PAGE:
Yellow

Because I am lazy, here is an email I sent my sisters this week:

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So livejournal, xanga and blogspot have all been blocked as of two weeks ago, and I could only access them to add new posts, not to view comments. Bummer. I will try to figure out a new way to communicate. I’m sitting in another cafe called Salvador’s near the school, since the only way I can get online in the evening without going to a smokey, not-so-pleasant internet bar is to lug my laptop here for their lovely wi-fi connection. It’s a nice place to get an overpriced bite to eat and finally communicate with the rest of the world. I’m sorry that my cell phone hasn’t been working for the past few days, there was something wrong with the simcard so I bought another one so my new number is:

My new cell# 13577151427

If you can, let Mommy know. I will call her tomorrow tonight, which is Monday morning when I get out of here and buy another international calling card.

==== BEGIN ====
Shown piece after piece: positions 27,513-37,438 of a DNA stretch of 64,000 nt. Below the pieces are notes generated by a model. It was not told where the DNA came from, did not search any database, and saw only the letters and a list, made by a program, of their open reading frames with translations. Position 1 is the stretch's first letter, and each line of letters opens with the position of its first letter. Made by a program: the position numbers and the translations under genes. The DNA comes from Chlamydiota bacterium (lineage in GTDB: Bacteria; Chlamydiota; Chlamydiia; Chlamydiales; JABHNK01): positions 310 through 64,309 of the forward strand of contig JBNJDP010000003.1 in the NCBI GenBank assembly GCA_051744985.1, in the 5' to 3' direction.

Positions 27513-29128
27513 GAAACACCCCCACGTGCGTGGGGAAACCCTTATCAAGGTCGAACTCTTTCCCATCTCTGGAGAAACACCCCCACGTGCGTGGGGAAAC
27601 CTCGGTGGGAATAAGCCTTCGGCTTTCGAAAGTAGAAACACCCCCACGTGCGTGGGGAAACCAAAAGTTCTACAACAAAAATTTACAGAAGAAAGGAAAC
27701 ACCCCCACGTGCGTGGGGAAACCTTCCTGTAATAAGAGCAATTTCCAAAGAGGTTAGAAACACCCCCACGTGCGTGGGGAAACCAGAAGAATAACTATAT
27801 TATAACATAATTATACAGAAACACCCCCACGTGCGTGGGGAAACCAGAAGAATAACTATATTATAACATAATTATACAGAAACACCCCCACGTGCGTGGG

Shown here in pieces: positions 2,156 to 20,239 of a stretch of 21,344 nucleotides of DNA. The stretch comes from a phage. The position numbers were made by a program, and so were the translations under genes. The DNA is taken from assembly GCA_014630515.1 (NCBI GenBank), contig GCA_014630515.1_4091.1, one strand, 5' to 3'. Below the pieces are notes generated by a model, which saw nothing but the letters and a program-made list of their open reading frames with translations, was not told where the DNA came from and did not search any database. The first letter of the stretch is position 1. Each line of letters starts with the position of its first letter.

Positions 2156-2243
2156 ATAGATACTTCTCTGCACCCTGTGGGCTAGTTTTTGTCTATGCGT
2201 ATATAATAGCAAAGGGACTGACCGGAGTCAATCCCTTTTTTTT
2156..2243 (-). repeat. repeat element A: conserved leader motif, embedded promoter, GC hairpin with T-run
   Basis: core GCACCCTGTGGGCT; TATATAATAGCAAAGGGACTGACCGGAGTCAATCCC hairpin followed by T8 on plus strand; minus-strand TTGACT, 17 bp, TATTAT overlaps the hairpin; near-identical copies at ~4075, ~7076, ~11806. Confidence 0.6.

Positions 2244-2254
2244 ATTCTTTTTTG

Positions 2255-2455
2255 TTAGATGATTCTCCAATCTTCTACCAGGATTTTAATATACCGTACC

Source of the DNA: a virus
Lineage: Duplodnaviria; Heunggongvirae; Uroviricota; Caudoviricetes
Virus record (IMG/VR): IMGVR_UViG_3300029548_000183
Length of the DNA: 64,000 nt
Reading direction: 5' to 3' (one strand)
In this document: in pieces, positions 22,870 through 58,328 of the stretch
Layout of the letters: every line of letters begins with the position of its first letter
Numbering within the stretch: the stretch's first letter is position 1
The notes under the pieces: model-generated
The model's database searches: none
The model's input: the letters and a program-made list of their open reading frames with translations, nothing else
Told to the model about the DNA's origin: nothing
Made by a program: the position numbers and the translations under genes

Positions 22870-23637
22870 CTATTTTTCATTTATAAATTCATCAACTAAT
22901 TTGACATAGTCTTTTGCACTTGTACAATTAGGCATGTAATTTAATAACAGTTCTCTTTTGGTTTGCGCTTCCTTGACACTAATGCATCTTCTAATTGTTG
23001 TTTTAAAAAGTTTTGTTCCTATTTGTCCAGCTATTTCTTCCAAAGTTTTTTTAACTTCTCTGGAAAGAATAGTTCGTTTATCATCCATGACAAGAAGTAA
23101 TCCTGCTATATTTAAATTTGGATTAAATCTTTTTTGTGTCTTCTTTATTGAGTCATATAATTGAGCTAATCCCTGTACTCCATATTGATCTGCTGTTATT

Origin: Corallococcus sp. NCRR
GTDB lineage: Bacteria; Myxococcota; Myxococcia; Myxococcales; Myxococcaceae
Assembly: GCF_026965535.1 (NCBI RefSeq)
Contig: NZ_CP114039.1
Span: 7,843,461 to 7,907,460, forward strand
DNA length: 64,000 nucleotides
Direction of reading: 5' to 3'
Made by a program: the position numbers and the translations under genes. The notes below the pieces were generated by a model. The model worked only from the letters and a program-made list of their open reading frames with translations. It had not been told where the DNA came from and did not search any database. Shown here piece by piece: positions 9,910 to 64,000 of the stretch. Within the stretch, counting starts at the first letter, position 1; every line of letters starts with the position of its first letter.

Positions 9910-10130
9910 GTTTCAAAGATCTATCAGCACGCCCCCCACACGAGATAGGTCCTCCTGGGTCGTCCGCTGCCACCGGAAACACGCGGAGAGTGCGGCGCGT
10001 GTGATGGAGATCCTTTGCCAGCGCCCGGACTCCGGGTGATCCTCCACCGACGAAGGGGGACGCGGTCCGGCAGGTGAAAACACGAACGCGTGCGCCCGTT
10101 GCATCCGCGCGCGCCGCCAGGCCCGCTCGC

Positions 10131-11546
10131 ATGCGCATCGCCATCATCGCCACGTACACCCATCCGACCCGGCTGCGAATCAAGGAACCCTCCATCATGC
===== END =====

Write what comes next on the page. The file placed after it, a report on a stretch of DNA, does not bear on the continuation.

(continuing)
This weekend, I bought a ticket very last minute to go to the Xishuangbanna region of Yunnan province to accompany my friend Alissa Greenberg from Wesleyan on her research/spring break trip. It was exciting, and adventurous the entire way through. I have never done anything like that before, we sort of flew by the seat of our pants all through the countryside, but don’t worry, we were careful not to do anything dangerous and the area is quite safe. We even got invited to a Dai minority wedding banquet at the foot of a hill in a tiny town called Menghun. The uncle of the groom was very kind to me, and showed me all the tattoos (some of which he did himself at the age of eight) on his arms, legs and back. The food was interesting to say the least, and included raw beef stomach and bai jiu, extremely strong liquor that feels like fire going down your throat. We also met a Vermonter backpacking through Kunming who works for an international environmental NGO. Turns out he grew up in Flushing, on Beech between Bowne and Kissena. It was surreal to say the least.

I got Ma’s letter this Friday, and it nearly made me cry because 1) I’ve never gotten a letter from her before and 2) It was very sweet and made me miss everyone a lot. Still having a great time here though, and will talk to you all soon.

Love 1000x over,
D